Šiljeg, Bartul

Opvscvla Archaeologica Papers of the Department of Archaeology, Vol.32 No.1 May 2009. pp. 81-100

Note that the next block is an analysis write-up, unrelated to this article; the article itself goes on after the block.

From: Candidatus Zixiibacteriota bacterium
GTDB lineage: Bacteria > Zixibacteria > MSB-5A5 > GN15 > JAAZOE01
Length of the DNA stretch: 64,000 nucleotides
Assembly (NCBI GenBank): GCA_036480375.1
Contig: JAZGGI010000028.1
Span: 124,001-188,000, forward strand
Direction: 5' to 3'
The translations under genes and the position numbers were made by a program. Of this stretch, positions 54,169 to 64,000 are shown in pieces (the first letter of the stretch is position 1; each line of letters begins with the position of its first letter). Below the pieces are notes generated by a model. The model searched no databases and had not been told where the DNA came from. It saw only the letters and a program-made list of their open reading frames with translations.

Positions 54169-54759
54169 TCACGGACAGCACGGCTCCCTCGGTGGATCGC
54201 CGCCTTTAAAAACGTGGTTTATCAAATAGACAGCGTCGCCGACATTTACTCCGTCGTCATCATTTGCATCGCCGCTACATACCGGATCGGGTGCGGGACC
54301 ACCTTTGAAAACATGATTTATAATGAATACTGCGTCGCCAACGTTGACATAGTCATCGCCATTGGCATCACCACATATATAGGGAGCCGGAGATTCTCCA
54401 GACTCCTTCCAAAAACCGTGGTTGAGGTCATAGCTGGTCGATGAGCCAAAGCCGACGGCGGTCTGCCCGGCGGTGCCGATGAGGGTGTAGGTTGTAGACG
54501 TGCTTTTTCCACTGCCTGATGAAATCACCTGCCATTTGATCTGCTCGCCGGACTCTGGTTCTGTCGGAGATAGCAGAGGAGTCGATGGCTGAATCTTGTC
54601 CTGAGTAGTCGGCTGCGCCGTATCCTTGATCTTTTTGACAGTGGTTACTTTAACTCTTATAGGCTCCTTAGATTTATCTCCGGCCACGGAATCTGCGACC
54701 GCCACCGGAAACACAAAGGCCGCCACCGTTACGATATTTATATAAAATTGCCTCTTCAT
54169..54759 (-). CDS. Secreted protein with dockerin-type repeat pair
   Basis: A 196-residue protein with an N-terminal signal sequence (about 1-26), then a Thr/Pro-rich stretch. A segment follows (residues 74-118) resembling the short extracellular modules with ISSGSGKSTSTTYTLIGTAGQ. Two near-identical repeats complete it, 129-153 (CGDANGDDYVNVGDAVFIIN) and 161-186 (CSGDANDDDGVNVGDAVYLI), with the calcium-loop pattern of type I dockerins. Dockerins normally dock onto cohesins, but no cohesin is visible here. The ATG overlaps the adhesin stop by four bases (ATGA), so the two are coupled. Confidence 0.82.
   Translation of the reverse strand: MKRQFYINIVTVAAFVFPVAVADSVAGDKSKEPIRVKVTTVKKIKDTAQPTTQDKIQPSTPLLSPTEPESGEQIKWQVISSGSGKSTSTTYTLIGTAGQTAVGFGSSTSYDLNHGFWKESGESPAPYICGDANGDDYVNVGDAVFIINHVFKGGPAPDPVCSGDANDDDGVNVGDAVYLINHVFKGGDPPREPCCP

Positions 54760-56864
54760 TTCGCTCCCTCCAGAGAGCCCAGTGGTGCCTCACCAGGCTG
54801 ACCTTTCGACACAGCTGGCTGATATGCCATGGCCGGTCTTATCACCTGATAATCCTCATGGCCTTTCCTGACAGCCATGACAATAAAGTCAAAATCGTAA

Three capitals from the Museum of Croatian Archaeological Monuments prompted an analysis of identical capitals in Croatia, and even farther afi eld. They have been designated as Gradina-type, based on the best known examples from Gradina, in Solin. A similar group of capitals has been designated as Srimatype capitals. These groups are contemporary with each other and date to the period after the liberation of Dalmatia from the Ostrogoths, meaning after 537 AD. Th e Gradina type, found in arcatures, appeared in larger settlements in the sixth century: Dubrovnik, Split, Sikuli and Krk. Smaller capitals of this type are concentrated on the island of Brač and the mainland coast just opposite the island. The existence of a workshop on Brač can be hypothesized. The Srima type does not appear on church arcatures, rather it belongs to church furnishings. Finds are concentrated in the Makarska littoral and its hinterland. Based on the churches in Gata and Srima, the type has been dated to the period after the reconquest. Th ere are no capitals of this type on Brač, so the workshop should be sought in Salona. Analysis of the two types of capitals indicates intense, well-planned and rendered construction after Justinian’s reconquest, and will facilitate further analyses.

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